Tuesday, April 28, 2009

Parables meant to hide, or explain?

Again, I'm still in the beginning of the book of Mark, and I am troubled by a few things I read regarding parables.
As I understand it, a parable is usually meant to help "explain" a topic - Like an analogy.
But, in Mark 4:1-12, he speaks in a parable about seeds and planting and such, where he finishes with "He who has ears to hear, let him hear."
It goes on to say that later, when the disciples were alone with Jesus, they were asking for clarification... To which Jesus says:

"The secret of the kingdom of God has been given to you. But to those on the outside everything is said in parables so that,
" 'they may be ever seeing but never perceiving,
and ever hearing but never understanding;
otherwise they might turn and be forgiven!'"

What is this "secret" that he's speaking of?
Who does Jesus mean by "those on the outside"?
Lastly, Isn't that the goal of Jesus preaching, to gain followers, and to preach the word of God? Why then would he not want people to turn and be forgiven?
This is a very confusing passage for me.

Status: Unanswered

Jesus has mercy on demons?

First: It's been a while since I've posted here. Guilty confession - mostly because I haven't read my bible in a long time. Ha, and you thought it was because I had the whole thing all figured out - hardly :)
Well, I recently picked up my bible, and guess what... more questions :)

So, I've started to read Mark, and I noticed that a few times it talks about Jesus casting out demons. I guess my first question, is that we are never told exactly what a demon is. Is it like we see in the movies, where a person speaks in scary voices, and has physically horrifying attributes? Is it more of a metaphor as in speaking like a drug addiction is a demon. I have to lean towards the first example, because Jesus actually speaks with the demons (assuming it's through the host?). I just finished Mark 5:1-20, where he casts out a "legion" of demons.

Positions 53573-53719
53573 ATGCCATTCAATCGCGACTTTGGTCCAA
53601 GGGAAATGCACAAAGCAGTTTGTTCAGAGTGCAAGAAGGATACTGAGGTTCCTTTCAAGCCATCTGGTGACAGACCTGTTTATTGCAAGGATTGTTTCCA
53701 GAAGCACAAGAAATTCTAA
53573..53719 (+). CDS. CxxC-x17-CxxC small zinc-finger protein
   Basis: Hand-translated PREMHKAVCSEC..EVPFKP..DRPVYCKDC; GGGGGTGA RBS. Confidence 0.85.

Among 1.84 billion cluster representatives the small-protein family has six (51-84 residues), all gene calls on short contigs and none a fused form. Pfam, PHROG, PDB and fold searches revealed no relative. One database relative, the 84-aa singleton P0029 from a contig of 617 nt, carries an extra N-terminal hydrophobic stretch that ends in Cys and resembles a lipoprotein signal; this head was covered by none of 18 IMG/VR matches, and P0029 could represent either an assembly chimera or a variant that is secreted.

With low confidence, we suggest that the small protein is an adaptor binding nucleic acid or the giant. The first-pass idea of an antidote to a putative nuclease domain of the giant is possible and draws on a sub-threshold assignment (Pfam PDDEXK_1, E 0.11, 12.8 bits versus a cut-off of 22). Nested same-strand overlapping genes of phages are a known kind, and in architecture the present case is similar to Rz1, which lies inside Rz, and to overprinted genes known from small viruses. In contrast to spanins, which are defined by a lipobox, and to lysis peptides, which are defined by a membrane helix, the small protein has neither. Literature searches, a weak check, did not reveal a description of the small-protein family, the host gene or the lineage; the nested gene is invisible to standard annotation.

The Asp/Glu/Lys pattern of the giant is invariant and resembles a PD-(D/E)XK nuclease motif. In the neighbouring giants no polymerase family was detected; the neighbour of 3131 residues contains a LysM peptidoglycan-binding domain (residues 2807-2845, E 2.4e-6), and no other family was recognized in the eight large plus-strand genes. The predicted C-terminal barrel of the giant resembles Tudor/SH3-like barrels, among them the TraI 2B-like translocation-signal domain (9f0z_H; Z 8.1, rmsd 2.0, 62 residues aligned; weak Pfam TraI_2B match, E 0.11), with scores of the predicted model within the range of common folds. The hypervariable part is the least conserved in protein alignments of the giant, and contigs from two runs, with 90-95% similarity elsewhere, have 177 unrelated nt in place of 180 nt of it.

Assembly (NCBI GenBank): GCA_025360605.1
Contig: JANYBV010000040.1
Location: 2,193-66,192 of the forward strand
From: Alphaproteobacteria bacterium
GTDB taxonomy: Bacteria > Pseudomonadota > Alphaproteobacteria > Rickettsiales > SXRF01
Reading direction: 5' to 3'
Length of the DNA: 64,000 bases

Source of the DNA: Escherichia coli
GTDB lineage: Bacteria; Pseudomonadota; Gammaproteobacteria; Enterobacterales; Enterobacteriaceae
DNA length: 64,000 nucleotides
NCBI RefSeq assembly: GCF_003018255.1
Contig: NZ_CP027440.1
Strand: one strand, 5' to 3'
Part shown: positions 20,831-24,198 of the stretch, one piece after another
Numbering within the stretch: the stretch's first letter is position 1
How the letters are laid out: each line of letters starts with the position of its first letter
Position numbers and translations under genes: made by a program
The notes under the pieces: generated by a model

What struck me about this, was that "legion" asks Jesus to take mercy on them and to "not send them out of this area". They actually "begged" Jesus, to send them instead "into" the nearby pigs. To which Jesus agreed and "gave them permission".

Why did Jesus show mercy? Why did he agree to the demon's wishes?

Status: Unanswered

Tuesday, September 9, 2008

God and Mary

I'm hoping this might be an easy question...
Did God ever speak directly to Mary (Mother of Jesus)?

I was just driving to work the other day when this thought popped into my head. I know he sent an angel to her to tell her not to be afraid, but I could not recall if He ever spoke to her directly.

Status: Unanswered

Monday, July 7, 2008

old bible or new bible?

The Bible is a collection of "little books".
The majority of those books make up what's called the "Old Testament" with the remaining 27* books making up what's called the "New Testament".
No where (that I'm aware of) does the "New Testament" tell us to disregard some or part of the OT using specific words. Yet, there are some obvious differences between the two "covenants". I'm trying to think of some obvious ones... Ok, here's one... we do not have to offer up animal sacrifices any more under the NT.
This is a two part question...
I know very little about the Jewish faith. (which is embarrassing to admit).
Is the Jewish bible, the SAME text(s) as the Christian OT?
(edit: It looks like I should be using the term "Hebrew Bible" instead of "Jewish Bible"? wikipedia)
Follow up... If yes... Do the Jewish people still practice animal sacrifices? If not, what is their reasoning?

Second Question: